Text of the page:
LETTER TO THE EDITOR: Doubling down on affordable health care for all

After this summer’s failed attempt to repeal the Affordable Care Act (ACA), health care advocates can go two ways: continue to bore the electorate with wonk talk or electrify them by doubling down.

Attacks continue, racing a Sept. 30 deadline. Just this week, Sens. Cassidy, Graham, Heller and Johnson (all Rs) released their “moderate” repeal that would eliminate tax credits to buy coverage, end funds to expand Medicaid, cut Medicaid for children, seniors and the poor, and gut coverage for pre-existing conditions.

Unfortunately, the electorate’s eyes glaze over trying to count how many insured this or that bi-partisan compromise will abandon or embrace. In a recent op-ed, Delaware Sen. Thomas Carper correctly identifies the ACA as a bipartisan compromise itself and faults the Republicans for failing to share ownership. Now, he says he is open to bipartisan solutions to that solution’s rising costs and unstable insurance markets. We hope not Cassidy-Graham.

Glazed eyes may slumber come election time, and the universal health care that Americans deserve will sink beyond an ever-receding horizon. Sinking with it will be solutions to problems like Delaware’s opioid crisis and the epidemic of gun violence.

Even more numbing would be attempts to horuspicate, or read, the entrails of the budget process, where ACA saboteurs work like tapeworms, gnawing at ACA, Medicare and Medicaid. While the sausage-making work of congressional resistance must continue, the goal is to sweep the saboteurs from power and promote health care as a universal right.

Laudably, grass-roots alliance Delaware United has proposed scuttling the monopoly of insurance companies with a Medicare Buy-In (MBI) program. With federal support, the cost could be as low as $240 per month. Without it, concedes Delaware United, “deductibles, small co-payments, or slightly narrower coverage for certain services” might be necessary.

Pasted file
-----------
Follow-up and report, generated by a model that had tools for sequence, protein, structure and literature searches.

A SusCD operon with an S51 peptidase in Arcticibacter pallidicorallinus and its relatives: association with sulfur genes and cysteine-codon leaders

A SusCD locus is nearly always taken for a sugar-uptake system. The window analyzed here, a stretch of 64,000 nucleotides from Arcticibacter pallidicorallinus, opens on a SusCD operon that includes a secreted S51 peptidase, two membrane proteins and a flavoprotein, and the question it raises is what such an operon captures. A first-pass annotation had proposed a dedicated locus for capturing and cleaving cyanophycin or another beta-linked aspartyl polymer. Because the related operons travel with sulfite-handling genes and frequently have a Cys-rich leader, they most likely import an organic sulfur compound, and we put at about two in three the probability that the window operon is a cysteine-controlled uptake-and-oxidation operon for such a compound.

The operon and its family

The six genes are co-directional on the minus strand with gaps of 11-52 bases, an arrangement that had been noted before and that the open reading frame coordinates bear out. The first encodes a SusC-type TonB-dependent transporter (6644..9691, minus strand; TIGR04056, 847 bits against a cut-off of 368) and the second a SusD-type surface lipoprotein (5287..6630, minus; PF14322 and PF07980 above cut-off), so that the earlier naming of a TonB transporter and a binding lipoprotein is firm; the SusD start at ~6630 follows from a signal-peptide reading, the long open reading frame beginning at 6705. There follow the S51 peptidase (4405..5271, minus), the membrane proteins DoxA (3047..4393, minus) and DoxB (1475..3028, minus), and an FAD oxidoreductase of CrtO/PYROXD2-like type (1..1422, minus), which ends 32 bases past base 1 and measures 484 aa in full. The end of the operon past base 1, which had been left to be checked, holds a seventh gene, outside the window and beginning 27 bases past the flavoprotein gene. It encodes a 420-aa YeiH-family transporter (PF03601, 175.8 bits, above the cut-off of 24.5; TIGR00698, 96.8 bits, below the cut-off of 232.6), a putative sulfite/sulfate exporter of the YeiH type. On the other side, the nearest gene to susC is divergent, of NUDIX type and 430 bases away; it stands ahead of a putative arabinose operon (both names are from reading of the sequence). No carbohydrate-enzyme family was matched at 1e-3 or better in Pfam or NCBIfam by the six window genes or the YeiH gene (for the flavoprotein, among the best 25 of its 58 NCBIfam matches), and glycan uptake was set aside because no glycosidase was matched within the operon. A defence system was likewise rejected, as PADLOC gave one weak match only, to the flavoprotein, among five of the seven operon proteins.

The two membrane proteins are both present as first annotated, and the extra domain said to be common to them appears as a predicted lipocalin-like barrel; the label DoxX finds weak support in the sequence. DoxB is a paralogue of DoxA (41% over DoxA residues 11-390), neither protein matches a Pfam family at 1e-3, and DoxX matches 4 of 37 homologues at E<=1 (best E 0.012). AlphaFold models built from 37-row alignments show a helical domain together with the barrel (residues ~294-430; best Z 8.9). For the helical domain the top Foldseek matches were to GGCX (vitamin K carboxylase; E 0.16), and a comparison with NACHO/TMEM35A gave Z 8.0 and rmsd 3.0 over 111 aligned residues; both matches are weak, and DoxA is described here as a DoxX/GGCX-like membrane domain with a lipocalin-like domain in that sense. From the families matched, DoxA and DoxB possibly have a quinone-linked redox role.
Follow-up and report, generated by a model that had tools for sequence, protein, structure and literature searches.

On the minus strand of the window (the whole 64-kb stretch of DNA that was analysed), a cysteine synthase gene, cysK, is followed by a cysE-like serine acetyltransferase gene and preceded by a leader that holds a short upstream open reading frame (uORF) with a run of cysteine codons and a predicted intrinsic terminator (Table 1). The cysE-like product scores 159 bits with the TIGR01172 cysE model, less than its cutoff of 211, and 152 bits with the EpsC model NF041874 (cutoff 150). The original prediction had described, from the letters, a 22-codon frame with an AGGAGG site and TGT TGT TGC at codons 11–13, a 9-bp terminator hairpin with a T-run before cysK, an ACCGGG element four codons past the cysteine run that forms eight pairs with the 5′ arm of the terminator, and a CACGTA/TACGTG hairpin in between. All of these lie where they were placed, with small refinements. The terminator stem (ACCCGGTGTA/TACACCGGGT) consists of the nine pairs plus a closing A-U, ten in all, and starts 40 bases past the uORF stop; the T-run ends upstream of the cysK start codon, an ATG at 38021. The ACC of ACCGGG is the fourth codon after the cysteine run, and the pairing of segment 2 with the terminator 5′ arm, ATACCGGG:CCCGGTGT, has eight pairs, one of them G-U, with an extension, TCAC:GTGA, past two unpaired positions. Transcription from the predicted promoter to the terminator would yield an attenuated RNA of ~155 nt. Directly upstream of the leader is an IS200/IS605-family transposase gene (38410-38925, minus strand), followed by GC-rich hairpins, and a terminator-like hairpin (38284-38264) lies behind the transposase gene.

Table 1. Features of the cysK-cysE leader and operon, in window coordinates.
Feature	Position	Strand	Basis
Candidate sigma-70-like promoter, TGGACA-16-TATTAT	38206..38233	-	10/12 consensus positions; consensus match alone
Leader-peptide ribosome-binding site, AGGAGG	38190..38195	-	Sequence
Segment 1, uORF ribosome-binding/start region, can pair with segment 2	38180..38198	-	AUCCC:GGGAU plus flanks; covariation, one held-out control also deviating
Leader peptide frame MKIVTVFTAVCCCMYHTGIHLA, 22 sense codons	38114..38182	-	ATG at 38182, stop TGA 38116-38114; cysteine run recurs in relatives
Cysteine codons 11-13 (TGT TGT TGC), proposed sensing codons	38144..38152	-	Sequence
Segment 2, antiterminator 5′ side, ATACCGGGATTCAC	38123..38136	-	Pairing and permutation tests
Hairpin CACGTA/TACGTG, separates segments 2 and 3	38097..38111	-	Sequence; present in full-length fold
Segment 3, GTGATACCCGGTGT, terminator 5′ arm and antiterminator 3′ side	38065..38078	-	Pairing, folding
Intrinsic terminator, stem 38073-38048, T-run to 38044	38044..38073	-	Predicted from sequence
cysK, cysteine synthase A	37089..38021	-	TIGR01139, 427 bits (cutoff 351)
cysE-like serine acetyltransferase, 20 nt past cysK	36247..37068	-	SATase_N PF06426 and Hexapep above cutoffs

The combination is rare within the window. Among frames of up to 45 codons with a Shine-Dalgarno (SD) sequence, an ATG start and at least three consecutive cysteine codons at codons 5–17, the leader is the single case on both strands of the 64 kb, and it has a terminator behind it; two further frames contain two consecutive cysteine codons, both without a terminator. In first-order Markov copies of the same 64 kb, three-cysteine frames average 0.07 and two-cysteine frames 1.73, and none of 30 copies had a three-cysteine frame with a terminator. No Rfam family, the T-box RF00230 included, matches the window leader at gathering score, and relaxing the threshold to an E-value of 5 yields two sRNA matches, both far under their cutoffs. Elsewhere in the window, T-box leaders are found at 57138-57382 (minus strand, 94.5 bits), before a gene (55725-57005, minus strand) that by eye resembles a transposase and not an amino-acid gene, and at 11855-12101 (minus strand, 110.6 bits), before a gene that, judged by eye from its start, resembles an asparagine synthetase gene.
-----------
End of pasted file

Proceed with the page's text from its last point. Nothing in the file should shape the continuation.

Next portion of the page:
To the rescue comes Sen. Bernie Sanders, with his new Medicare for All bill, co-sponsored by 16 Democrats, including several shoring up their bona fides as 2020 presidential contenders. These leaders are embracing their country’s and their party’s future. The bill would add vision care and dental care, all paid for by equitable taxes in place of rising premiums and inconsistent employer benefits.

While in transition, Sanders’ bill would support MBIs like Delaware United’s. Frosting the cake, it should eliminate EOBs, those Explanations of Benefits that clog our mailboxes, glaze our eyes, and explain nothing.

Additionally, opportunities will arise to alleviate opioid addiction and gun violence.

Every family plagued by addiction knows the shortage of recovery systems and long waits while loved ones drain family resources or succumb to overdoses, violence, or imprisonment. When treatment is widely accessible, drug markets will dwindle.

With health taxes far below current insurance costs, new opportunities will arise for entrepreneurs to attract quality employees not consumed by medical uncertainty. As someone active in Delaware’s poetry community, I see arts entrepreneurs like SuiteFranchon Beeks, Amillion the Poet, Richard Raw, Vince Comegys-Davis, The Twin Poets (Delaware’s poets laureate), and others striving on a shoestring to spread positivity and opportunity among Delaware’s youth.

Victory’s key is suggested by Margarida Jorge, co-executive director of Health Care for America Now, an advocacy organization that promoted the ACA and is now one of its most vigorous defenders. Speaking to Amy Goodman on DemocracyNow.org July 28, Jorge advised, “whether or not Democrats take up Medicare for all, whether or not they take up negotiations for prescription drug companies … really depends on grass-roots pressure, in the same way that stopping repeal has really depended upon grassroots pressure.”

Beware. Insurance companies will unleash Astroturf imposters and fake news to protect a flawed system. Details will dull the senses.

Dial 1-888-981-9704 to tell your legislators to stop Cassidy-Graham, not get compromised by health care saboteurs, forge ahead with true universal health care, electrify the electorate, and win.

Phillip Bannowsky
Newark

 

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